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Work Finally Begins on Abandoned Landmark SOMA Church

Developer says: Take me to church

The prayers of SOMA developers have finally been answered, as construction has reportedly begun on the translation (we are reluctant to say "conversion") of the historic, long abandoned church at 10th and Howard into cosmopolitan office space.

The soaring Romanesque Revival-style Saint Joseph’s Church is a registered landmark, and has been sitting empty ever since the 1989 Loma Prieta earthquake knocked it for a loop. The owners couldn’t afford repairs, and it’s been a vacant, looming presence in the neighborhood ever since.

The present owner scooped it up in 2008, and in 2012 the city approved an ambitious plan to preserve its hallowed and holy architecture while turning the interior into office space.

While little about Saint Joseph’s has changed in 27 years (reportedly, the old parish’s furniture is still in there), the neighborhood has become a hot commodity; the church sits less than 1,300 feet from Twitter headquarters.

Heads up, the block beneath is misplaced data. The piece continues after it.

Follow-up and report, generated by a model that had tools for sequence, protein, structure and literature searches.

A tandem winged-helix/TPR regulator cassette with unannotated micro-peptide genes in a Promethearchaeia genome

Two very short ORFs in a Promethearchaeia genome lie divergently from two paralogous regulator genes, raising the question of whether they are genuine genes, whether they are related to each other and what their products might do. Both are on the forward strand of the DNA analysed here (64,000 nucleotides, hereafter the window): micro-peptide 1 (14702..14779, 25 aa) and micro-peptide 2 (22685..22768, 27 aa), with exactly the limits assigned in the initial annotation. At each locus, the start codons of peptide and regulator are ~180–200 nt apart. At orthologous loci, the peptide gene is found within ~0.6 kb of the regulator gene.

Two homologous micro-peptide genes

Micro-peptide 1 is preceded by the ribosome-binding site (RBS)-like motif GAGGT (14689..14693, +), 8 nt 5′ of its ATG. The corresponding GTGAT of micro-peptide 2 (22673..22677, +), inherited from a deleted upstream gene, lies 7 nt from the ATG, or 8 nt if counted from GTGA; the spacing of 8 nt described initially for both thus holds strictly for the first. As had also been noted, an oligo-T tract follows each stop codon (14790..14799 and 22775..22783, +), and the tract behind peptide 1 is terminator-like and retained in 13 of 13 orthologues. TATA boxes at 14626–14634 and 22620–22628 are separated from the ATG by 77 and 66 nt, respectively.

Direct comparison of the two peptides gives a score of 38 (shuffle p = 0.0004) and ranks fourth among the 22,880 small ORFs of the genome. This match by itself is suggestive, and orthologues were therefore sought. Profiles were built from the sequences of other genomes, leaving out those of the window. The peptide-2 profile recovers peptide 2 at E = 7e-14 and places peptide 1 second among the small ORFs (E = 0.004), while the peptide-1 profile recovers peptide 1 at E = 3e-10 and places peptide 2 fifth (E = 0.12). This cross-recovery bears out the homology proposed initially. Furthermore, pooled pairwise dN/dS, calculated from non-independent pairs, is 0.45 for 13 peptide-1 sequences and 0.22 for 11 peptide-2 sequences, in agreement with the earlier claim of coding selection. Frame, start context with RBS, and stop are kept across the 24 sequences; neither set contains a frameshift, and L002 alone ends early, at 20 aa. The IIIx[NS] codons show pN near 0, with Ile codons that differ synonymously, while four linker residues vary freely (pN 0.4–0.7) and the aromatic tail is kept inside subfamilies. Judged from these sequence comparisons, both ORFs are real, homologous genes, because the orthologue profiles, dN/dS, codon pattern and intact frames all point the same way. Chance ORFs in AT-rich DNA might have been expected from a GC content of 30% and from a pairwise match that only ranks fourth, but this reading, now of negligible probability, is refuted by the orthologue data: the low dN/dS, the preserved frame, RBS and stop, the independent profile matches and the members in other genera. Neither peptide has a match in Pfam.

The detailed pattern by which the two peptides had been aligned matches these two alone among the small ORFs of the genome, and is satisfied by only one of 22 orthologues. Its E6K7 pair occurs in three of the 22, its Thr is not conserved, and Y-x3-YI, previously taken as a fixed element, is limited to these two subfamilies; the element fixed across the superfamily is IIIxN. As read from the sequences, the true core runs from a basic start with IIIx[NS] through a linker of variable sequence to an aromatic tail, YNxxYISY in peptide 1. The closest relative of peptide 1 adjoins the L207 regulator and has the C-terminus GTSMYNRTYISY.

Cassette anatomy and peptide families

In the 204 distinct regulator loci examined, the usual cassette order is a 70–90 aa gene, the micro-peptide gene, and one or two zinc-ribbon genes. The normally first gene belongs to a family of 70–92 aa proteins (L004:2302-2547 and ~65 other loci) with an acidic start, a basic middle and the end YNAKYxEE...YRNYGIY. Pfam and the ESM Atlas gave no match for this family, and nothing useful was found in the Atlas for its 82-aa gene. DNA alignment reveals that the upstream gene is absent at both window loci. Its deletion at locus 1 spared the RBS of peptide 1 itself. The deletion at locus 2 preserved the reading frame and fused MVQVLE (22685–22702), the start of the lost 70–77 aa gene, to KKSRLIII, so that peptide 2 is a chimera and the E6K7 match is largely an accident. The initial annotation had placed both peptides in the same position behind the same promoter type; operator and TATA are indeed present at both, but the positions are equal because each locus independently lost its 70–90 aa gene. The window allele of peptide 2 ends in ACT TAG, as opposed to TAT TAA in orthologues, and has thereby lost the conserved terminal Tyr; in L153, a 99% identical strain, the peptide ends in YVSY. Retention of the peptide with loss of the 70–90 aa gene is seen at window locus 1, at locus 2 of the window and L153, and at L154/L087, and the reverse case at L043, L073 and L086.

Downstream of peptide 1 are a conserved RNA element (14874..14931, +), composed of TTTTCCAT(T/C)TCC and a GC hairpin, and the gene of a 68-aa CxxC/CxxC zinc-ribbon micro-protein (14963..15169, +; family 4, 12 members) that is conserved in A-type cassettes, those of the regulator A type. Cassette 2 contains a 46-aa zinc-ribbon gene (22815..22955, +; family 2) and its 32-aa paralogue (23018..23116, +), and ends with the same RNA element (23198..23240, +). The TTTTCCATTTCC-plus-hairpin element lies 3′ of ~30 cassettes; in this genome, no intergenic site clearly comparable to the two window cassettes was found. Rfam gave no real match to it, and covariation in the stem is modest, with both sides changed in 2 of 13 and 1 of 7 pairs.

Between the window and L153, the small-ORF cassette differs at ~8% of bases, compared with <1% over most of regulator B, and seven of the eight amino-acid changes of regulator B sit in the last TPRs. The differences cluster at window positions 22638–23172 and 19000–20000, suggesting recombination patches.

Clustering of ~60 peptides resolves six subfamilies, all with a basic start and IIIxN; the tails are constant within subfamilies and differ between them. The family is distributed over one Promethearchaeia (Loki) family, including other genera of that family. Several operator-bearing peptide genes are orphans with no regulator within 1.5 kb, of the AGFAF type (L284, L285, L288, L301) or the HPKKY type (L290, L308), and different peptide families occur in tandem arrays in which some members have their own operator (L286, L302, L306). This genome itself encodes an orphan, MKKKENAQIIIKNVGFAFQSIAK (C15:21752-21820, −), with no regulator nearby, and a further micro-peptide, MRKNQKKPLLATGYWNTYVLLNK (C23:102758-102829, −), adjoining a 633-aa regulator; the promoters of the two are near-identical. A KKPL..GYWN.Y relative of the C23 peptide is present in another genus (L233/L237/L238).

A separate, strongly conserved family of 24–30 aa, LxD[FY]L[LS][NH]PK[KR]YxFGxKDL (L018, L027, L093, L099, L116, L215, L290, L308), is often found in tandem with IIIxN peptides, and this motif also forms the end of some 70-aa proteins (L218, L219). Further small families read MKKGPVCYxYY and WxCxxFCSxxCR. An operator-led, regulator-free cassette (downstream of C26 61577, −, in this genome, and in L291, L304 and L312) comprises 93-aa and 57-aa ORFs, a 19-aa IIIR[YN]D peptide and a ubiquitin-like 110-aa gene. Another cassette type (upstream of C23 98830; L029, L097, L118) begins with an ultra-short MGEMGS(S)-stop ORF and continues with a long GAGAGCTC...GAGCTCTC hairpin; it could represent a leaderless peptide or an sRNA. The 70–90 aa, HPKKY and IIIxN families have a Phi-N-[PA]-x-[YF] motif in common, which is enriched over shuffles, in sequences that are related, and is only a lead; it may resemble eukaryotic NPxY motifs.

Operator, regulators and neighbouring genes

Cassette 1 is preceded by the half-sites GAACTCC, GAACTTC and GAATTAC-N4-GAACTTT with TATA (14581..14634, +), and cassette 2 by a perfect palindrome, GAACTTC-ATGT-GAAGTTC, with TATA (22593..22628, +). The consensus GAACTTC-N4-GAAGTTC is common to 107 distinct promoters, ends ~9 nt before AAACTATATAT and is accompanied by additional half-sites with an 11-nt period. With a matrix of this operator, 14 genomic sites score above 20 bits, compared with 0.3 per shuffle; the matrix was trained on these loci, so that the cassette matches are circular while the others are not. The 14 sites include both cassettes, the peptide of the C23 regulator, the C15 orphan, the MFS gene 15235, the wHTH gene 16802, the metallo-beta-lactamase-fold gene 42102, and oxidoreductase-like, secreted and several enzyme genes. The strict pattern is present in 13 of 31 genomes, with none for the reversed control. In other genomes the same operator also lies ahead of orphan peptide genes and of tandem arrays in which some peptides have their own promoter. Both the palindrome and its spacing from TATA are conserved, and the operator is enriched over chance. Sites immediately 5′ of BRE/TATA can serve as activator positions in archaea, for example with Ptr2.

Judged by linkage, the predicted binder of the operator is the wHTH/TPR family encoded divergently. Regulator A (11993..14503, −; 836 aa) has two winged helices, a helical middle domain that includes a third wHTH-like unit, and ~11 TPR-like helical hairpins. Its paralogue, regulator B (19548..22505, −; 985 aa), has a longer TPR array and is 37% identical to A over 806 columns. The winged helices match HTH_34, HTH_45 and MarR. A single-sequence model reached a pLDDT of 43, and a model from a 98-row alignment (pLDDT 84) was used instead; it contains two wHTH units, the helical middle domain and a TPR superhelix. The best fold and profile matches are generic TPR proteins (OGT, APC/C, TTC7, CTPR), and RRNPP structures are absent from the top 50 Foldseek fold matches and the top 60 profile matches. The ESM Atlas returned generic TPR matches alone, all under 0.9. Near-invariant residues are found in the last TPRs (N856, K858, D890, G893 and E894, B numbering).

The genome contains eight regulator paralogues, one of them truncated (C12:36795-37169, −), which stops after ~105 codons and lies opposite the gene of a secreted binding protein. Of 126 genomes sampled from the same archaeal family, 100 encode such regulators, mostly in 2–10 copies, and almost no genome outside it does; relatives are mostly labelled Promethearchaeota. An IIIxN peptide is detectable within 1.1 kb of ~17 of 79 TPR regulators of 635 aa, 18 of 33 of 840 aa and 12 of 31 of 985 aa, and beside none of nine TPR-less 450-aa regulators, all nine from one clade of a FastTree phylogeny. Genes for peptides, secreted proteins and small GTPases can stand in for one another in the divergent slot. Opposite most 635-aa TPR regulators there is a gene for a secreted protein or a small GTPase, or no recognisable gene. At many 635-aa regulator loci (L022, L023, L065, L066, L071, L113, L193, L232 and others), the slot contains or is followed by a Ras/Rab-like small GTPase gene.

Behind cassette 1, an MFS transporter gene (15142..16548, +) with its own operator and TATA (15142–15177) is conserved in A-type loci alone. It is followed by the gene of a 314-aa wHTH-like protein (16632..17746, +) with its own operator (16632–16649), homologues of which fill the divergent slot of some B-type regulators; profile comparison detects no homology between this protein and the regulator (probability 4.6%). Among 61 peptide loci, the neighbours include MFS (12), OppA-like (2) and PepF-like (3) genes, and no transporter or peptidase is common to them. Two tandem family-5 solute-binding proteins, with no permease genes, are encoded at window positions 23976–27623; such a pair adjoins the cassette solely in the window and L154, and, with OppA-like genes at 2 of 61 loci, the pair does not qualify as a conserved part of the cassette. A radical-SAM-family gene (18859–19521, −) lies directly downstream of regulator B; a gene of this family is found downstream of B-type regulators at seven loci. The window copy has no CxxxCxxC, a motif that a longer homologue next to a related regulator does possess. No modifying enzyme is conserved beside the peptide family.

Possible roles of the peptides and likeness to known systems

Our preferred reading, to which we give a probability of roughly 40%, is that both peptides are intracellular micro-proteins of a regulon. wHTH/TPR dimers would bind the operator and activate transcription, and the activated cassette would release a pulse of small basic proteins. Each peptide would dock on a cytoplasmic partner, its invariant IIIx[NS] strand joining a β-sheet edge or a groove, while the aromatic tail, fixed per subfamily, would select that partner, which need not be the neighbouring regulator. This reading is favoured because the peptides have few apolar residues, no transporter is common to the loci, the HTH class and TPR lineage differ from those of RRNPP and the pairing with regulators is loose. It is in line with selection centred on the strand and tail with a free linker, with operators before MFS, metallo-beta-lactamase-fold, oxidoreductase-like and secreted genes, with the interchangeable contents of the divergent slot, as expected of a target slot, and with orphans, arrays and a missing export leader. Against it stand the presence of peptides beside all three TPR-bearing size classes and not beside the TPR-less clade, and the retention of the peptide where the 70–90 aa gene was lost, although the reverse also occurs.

This whole thing was supposed to have been done by now, but in 2013 the block was caught up in a zoning change, and Brian Spiers Development had to go and get entitled all over again. The plan calls for 22,000-square-feet of office and retail space, including a new mezzanine. Forum Design are responsible for the new look, the same firm who did downtown San Francisco's Westfield Centre.

Since the building is a landmark, preservationists are watching like hawks to make sure nobody dings the arches. Old churches are beautiful architectural treasures, but a notorious pain to repurpose. Writing about Saint Joseph’s, the American Institute of Architects noted that 100 year old masonry is not exactly the stuff dreams are made of for modern architects.

The first Saint Joseph’s Church was built on Howard Street in 1861, but this one is actually the third on the site, designed in 1913 by architect John Foley (who also did San Jose’s Church of Five Wounds and Oakland’s St. Elizabeth’s Church). The previous church had, of course, been destroyed in 1906.

Originally Irish-Catholic, it was last home to a mostly Filipino parish, and an icon of the Philippines’ patron saint was added in the ‘70s.